Sometimes, we just can’t help it. We ask what if questions. What if, back in college, we had the guts to ask that person out? What if we had accepted that great job offer, located in another state?
What if questions rarely have answers—with one possible exception. What if you had started to invest from a younger age? We can’t turn back the clock. But if you inspire your child, your paperboy or the girl who mows your lawn to start investing now, it could change their lives. To get started, all they would need is $100.
Here’s how small, regular sums can grow. Imagine saving $3.33 per day, starting in 1977. At the end of each month, you put the proceeds (about $100 per month) into Vanguard’s S&P 500 index. By June 2015 it would have grown to more than $638,000.
Kids who start investing early can grow rich with ease. That’s Aiden Scott’s plan. The 14 year old, from Minneapolis, Minnesota has saved $412. “I made about $130 last summer,” he says, “when I bought a snow cone machine and sold snow-cones at the park by my house until I got kicked out.” Today, he takes a less exciting (and legal) approach to making money. He mows lawns and walks dogs.
I used to teach a high school personal finance class. When I showed kids how money compounds over time, many itched to start investing right away. About a third of my students opened investment accounts. Children, like Aiden, can open such accounts under their state’s Uniform Gifts to Minors Act (UGMA) or Uniform Transfers to Minors Act (UTMA). They’re called custodial accounts. There’s no limit to how much money they can invest each year. And the child gains legal control of the account once they’re no longer a minor. Depending on your state, that would occur between the ages of 18 and 21.
Aidan opened his custodial account with Schwab. There’s no annual fee and he could open the account with as little as a $100 initial investment. As long as Aidan sticks to Schwab’s low cost ETFs, he won’t have to pay trading commissions.
Schwab’s U.S. Broad Market ETF (SCHB) is made up of about 2,500 U.S. stocks. The average investor in actively managed funds pays about 1.3 percent per year in fees. Aidan will outperform most of these investors because his fees are much lower. His index fund costs just 0.04 percent. When investing, the less you pay in fees, the more you get to keep.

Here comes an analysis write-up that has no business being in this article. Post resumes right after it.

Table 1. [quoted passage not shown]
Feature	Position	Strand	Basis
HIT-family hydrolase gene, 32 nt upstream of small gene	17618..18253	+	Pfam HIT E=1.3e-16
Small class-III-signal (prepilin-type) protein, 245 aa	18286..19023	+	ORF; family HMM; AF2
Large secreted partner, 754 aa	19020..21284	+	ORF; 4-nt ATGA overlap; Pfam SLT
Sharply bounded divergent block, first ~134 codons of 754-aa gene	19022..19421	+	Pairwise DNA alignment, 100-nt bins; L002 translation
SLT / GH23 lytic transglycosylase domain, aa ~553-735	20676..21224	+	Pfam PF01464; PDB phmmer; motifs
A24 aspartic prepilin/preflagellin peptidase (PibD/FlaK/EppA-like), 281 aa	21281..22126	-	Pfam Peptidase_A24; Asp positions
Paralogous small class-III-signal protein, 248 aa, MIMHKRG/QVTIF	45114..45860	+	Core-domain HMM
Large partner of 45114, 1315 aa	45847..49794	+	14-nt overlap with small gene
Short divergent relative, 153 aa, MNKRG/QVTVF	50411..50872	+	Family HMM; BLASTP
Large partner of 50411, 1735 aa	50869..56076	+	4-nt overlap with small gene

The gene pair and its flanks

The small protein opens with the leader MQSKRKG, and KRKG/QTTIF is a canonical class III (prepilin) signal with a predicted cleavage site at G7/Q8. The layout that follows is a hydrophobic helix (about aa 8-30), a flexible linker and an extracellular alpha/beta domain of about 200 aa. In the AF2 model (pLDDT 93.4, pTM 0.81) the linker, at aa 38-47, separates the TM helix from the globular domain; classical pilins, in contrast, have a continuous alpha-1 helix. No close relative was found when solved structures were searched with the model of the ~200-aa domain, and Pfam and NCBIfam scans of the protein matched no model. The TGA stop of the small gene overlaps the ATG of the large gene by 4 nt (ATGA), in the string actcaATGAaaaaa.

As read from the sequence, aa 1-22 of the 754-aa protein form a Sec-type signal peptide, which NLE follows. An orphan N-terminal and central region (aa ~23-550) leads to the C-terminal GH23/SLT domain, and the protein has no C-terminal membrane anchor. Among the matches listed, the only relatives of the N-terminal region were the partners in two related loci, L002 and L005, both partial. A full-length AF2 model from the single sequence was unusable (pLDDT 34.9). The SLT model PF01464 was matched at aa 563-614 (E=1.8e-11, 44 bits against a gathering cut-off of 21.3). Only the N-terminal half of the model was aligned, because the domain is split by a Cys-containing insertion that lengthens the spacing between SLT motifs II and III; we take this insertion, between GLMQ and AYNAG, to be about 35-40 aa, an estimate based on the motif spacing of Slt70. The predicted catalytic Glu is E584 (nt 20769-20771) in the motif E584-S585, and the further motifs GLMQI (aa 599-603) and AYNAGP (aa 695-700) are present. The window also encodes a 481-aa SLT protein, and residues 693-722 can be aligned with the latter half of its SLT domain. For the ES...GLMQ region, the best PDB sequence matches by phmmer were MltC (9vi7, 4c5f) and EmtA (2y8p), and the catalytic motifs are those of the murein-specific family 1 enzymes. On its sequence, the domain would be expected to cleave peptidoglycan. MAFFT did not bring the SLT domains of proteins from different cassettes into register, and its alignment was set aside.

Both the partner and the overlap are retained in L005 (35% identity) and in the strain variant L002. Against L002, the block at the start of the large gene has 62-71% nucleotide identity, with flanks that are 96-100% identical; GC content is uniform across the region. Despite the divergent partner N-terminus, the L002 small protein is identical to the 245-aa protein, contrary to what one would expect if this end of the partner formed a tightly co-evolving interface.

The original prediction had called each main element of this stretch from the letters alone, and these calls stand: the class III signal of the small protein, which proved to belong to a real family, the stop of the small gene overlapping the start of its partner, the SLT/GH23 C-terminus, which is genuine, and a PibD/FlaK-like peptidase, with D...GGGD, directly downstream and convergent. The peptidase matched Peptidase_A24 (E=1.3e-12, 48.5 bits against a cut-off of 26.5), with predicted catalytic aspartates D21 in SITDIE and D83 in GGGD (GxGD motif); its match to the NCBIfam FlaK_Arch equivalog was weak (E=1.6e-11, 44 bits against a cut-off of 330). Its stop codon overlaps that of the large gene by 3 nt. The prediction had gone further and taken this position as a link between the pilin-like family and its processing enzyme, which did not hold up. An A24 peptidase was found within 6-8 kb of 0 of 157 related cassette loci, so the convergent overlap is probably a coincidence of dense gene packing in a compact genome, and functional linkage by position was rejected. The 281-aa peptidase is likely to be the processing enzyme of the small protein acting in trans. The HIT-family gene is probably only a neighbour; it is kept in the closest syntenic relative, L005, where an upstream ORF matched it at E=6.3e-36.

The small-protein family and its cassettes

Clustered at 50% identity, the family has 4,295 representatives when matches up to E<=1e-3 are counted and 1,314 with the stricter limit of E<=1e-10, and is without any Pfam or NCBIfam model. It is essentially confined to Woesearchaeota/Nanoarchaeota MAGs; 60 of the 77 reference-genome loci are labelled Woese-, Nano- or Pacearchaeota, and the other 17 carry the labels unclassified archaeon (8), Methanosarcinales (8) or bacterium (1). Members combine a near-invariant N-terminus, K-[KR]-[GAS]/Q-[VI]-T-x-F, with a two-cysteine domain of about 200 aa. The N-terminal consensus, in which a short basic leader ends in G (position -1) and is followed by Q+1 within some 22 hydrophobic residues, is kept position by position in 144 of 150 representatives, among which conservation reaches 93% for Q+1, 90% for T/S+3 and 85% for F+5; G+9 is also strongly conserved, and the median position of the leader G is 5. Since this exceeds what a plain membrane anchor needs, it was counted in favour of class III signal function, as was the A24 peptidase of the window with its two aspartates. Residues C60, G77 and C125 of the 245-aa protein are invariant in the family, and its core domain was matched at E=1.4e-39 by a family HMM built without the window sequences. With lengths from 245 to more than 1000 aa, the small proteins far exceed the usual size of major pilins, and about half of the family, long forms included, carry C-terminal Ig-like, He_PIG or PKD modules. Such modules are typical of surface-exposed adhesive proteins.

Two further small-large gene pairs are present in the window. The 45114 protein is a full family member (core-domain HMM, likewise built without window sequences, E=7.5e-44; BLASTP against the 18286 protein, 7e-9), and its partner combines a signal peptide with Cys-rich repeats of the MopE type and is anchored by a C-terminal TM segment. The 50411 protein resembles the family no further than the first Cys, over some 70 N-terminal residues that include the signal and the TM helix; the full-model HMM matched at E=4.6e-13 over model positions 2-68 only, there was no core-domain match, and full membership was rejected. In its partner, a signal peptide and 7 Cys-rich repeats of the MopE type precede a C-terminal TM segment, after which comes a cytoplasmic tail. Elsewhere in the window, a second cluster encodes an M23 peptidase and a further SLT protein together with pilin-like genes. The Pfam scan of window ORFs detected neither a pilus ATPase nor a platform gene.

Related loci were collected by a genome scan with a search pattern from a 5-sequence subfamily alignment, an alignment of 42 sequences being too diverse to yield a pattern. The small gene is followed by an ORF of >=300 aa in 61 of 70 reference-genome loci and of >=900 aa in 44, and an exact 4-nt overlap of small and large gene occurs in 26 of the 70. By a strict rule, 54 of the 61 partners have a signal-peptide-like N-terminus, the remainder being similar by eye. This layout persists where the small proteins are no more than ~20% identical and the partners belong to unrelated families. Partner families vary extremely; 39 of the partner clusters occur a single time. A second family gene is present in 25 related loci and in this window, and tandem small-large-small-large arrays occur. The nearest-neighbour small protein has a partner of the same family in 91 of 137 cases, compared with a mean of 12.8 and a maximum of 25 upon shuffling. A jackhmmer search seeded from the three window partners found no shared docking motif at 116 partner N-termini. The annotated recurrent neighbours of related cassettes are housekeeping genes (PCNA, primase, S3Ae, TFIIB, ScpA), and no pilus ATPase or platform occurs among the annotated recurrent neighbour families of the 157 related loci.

Sixteen year old Chase Schachenman was one of my students who opened a custodial account with Vanguard. You can see how he did it by following the online screencast that he created for my class. Chase invested in Vanguard’s Target Retirement 2060 fund. About 10 percent of the fund is made up of bond indexes. The remainder is invested in stock indexes. Chase pays a paltry 0.18 percent per year. The fund gets automatically rebalanced each year.
There’s just one problem with it. Investors need at least $1000 to invest in one of Vanguard’s target retirement funds. They need at least $3000 to buy one of Vanguard’s plain vanilla indexes, like the S&P 500. That’s a lot of money for a kid to raise.
Children can also open a custodial or guardian IRA with a company like Vanguard or Schwab. But they have to be earning an income during the year they make the contribution. Roth IRAs make more sense than Traditional IRAs because most kids don’t earn enough money to benefit from the up-front tax deduction associated with Traditional IRAs.
As tempting as it is, however, don’t dig into your wallet to fund your child’s investments. Our instincts tell us that we can help our kids by giving them money towards a home downpayment, a car, or an investment portfolio. But according to Thomas Stanley, the late author of The Millionaire Next Door, that likely does more harm than good.
Adults who receive financial help from their parents usually end up with far less money, compared to adults who don’t get handouts. Free money often gets wasted. Most fifteen year olds would demonstrate even less restraint than most adults.
To learn the value of money, kids need to earn it. It can’t simply spill from the bank of mom or dad. If this sounds too hard core, set up an agreement that’s like a 401K. You could match your child’s contributions, dollar for dollar, or 50 cents on every dollar.
You can change a child’s life if you empower them with money. They won’t have to ask that dreaded what if question. Albert Einstein once said that compound interest is more powerful than the splitting of the atom. That’s the kind of power that you want to give your kids.
Andrew Hallam is a Digital Nomad. He’s the author of the bestseller, Millionaire Teacher and The Global Expatriate's Guide to Investing: From Millionaire Teacher to Millionaire Expat.